Once you have a rich set of ideas to draw upon, you will want to explore a few ideas more deeply. The team can determine the high priority ideas to pursue by deciding democratically with a vote. Deciding in this way, the team will choose the ideas that have the most positive energy behind them, energy that the team will need as they work towards the solution.
Step 5—Analyze the Ideas
Each idea delivers a benefit with a cost. In this step, the team performs the cost/benefit analysis to arrive at the top one or two ideas that will deliver the greatest positive impact to the organization. Each stakeholder will have distinct perspectives on the pros and cons of each idea, and it’s important that every perspective is considered at this phase. Out of this step will emerge your top candidate for a solution set along with alternatives, should they be necessary.
During this step, you also research all pertinent data related to the effort. In the case of returning to work, examples of such resources include:
Step 6—Plan for Success
Having identified the best path to the goal, the team can develop the detailed plans for getting there. In this step you determine who will do what when, laying out the timeline for implementation to solve the problems and realize the goals. Each group in your organization will contribute to implementation, so it’s crucial to have them participate in building the plan.
Step 7—Promote the Plan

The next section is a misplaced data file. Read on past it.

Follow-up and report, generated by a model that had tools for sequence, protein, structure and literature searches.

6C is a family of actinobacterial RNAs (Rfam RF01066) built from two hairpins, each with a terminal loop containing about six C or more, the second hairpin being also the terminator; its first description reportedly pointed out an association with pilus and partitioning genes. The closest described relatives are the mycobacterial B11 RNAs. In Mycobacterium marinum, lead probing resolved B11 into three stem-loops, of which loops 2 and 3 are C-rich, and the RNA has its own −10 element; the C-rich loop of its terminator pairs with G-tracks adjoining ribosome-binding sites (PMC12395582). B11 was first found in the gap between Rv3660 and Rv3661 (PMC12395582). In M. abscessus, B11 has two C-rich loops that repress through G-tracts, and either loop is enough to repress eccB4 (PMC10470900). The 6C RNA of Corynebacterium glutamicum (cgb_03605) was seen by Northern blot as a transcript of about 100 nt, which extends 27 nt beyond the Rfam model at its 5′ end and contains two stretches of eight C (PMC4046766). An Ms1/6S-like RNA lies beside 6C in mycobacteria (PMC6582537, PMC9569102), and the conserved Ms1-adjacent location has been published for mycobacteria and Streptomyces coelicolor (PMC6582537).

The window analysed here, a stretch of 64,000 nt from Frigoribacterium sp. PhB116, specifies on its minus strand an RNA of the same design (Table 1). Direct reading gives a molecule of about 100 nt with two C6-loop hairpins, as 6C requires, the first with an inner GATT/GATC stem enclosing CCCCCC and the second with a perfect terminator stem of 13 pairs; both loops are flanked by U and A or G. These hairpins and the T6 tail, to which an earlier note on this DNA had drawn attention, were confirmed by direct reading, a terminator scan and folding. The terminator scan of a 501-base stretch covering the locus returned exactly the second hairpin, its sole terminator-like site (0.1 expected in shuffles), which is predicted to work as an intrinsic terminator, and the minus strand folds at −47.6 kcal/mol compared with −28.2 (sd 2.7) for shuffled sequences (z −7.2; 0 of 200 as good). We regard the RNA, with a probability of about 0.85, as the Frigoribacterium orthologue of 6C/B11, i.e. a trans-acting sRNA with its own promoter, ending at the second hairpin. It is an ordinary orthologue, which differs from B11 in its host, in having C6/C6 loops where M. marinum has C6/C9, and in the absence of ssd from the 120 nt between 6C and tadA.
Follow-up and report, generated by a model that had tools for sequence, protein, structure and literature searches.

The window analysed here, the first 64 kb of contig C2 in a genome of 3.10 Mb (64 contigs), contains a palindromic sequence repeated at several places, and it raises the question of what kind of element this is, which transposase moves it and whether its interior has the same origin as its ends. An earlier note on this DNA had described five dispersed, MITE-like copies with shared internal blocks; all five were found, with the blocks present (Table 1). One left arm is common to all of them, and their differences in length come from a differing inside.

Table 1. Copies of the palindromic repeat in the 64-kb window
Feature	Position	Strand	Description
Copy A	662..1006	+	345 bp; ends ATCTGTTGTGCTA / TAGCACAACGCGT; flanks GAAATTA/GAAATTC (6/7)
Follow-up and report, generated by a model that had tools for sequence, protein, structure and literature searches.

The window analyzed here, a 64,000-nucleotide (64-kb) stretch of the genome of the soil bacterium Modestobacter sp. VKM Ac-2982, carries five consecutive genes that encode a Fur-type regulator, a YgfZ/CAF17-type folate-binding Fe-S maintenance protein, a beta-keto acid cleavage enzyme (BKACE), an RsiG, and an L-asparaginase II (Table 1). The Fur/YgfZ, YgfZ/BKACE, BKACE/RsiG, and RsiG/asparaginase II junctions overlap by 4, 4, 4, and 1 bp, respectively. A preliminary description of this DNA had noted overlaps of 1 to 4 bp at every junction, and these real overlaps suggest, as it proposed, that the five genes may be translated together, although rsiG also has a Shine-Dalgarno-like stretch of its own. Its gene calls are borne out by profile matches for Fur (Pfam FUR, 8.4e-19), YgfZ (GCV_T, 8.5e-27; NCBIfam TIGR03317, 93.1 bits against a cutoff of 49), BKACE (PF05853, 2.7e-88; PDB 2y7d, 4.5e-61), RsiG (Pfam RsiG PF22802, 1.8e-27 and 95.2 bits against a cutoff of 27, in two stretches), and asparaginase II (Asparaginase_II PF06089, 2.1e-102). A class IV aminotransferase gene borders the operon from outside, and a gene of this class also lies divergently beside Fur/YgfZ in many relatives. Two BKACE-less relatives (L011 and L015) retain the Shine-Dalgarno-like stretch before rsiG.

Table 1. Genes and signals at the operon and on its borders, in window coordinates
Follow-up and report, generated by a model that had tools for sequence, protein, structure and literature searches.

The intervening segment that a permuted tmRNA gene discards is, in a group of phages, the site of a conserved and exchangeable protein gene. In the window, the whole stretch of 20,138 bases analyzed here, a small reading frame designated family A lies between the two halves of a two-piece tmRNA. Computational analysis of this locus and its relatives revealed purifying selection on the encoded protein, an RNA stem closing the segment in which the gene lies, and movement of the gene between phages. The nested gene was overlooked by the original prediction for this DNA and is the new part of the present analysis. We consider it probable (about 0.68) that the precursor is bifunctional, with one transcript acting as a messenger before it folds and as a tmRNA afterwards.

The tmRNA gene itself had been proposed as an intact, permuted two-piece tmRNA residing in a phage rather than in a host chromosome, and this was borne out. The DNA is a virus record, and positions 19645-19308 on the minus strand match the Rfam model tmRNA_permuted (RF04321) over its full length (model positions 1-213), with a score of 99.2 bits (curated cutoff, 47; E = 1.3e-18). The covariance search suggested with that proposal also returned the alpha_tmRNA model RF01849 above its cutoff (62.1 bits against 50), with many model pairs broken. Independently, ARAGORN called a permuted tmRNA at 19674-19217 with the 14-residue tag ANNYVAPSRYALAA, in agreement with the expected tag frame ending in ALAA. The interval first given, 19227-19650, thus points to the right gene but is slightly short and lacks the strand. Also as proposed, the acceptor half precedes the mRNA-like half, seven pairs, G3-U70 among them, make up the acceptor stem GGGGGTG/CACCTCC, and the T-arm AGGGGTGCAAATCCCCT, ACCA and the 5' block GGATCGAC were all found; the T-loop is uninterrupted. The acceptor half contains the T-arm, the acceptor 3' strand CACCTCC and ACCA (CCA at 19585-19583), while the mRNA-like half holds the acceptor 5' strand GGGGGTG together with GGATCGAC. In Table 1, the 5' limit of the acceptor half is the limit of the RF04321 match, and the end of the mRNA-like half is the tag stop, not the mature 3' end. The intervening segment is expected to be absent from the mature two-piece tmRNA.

Prior to implementation, the team needs to socialize the plan with the organization. Start with context by highlighting the current problems and presenting the vision for the future. Then, share the details of the path forward to the “new normal.” If all stakeholders have been well represented to this point, then the organization will embrace the proposal thereby lowering any barriers during implementation.
With everyone on board, your organization is now ready to implement the plan and transform the organization, creating the organizational systems, processes and behaviors that will fulfill the mission and thrive in the new environment. While steps 1 though 7 may have taken as long as a few days each, Step 8 will often be the longest step as the team works through the plan. If challenges arise during implementation, the team can revisit previous steps to get back on track and back to implementation.
Step 9—Debrief and Harmonize
What’s working well? What needs adjustment? In this step you reflect on the transformation that has taken place and determine what needs smoothing out. Referring back to the list of problems and goals from Step 1, you can score your effort. You may find that some problems are not adequately solved. Perhaps new problems arose. Rather than a line from start to finish, think of problem solving as a circle—a cycle of continuous improvement getting you ever closer to meeting all your goals.
The New Normal
There is a natural order to problem solving. When faced with a large challenge, your team will go through all nine steps listed above. By taking the team through each step deliberately and systematically, you will arrive at a satisfactory outcome much more quickly and with much greater stakeholder buy-in. Doing so creates effective and lasting solutions for your organization.
What methods are you using with your team to adapt to the new working environment? What’s working well? What suggestions would you make for others?